What Is A Brownie?
So, what is a brownie? Brownies are a baked good that typically contain chocolate, eggs, butter, sugar, flour, salt, and vanilla extract. (Here’s my very best brownie recipe, if you’d like to see an example.) Although the ingredients are similar to what is used for a chocolate cake, a brownie is denser and heavier than a cake. Different recipes may produce a “fudgier” or “cakier” brownie depending on the ingredients or method of combination that is used.
Many believe that brownies first appeared in the Fanny Farmer cookbook.
Here are a few other points:
- Some brownie recipes call for a leavener (such as baking powder) to increase the rise of the brownies. Some bakers feel that using leavener in a brownie recipe produces something that is not a true brownie because it is not dense enough.
- Some brownie recipes include mix-ins, such as nuts, chocolate chips, or fruit. Others include a glaze or frosting. When test baking brownie recipes, I tend to leave out mix-ins and leave off frosting so that I can taste the brownie itself first.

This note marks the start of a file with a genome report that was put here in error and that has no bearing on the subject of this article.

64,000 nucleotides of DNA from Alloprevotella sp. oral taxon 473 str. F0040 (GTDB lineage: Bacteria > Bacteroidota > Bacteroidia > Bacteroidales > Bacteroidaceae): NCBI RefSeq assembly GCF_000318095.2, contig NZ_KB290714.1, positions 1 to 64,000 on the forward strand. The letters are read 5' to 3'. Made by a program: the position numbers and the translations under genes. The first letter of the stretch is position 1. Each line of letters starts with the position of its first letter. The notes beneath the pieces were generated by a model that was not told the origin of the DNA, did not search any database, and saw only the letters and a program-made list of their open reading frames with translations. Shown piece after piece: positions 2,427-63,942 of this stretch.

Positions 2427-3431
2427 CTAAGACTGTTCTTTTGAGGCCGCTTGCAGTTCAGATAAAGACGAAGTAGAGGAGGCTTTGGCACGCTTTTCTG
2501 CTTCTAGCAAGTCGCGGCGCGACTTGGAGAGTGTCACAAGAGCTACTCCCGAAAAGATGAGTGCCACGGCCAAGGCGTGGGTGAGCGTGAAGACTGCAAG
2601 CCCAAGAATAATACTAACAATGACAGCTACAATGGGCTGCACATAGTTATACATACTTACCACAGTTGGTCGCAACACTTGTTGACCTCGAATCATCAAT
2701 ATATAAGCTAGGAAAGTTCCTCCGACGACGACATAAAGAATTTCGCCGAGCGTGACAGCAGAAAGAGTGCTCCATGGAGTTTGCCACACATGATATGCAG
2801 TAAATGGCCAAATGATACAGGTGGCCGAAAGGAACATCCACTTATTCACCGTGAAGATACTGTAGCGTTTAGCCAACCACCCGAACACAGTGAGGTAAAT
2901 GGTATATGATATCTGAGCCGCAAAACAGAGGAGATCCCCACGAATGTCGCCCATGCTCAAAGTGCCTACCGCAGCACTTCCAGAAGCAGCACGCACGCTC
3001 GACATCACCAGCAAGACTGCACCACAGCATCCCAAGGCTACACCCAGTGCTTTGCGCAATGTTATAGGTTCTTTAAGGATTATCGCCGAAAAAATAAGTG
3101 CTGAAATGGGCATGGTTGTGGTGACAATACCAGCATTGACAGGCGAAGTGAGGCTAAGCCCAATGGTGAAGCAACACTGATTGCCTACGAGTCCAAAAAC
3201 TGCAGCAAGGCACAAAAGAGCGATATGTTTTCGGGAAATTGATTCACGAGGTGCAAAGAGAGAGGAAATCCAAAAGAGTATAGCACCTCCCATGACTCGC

- A brownie is a cousin to a blondie. A blondie is similarly dense and uses almost the same ingredient list with one exception: a blondie doesn’t use chocolate or cocoa in the batter except as a mix-in.
- Although they can be baked in many pan types and shapes, brownies are most commonly baked in a square or rectangular shaped pan and then cut into squares for serving. (Here’s an exception: a brownie cut into wedges.)
- Brownies can be served warm or cool. The ideal temperature depends on the recipe and your own preference. Obviously, if you’re serving them with ice cream, you’ll want a nice, warm brownie.
I’m sure that many bakers can add their own two cents here. What is a brownie, and do you have a favorite recipe?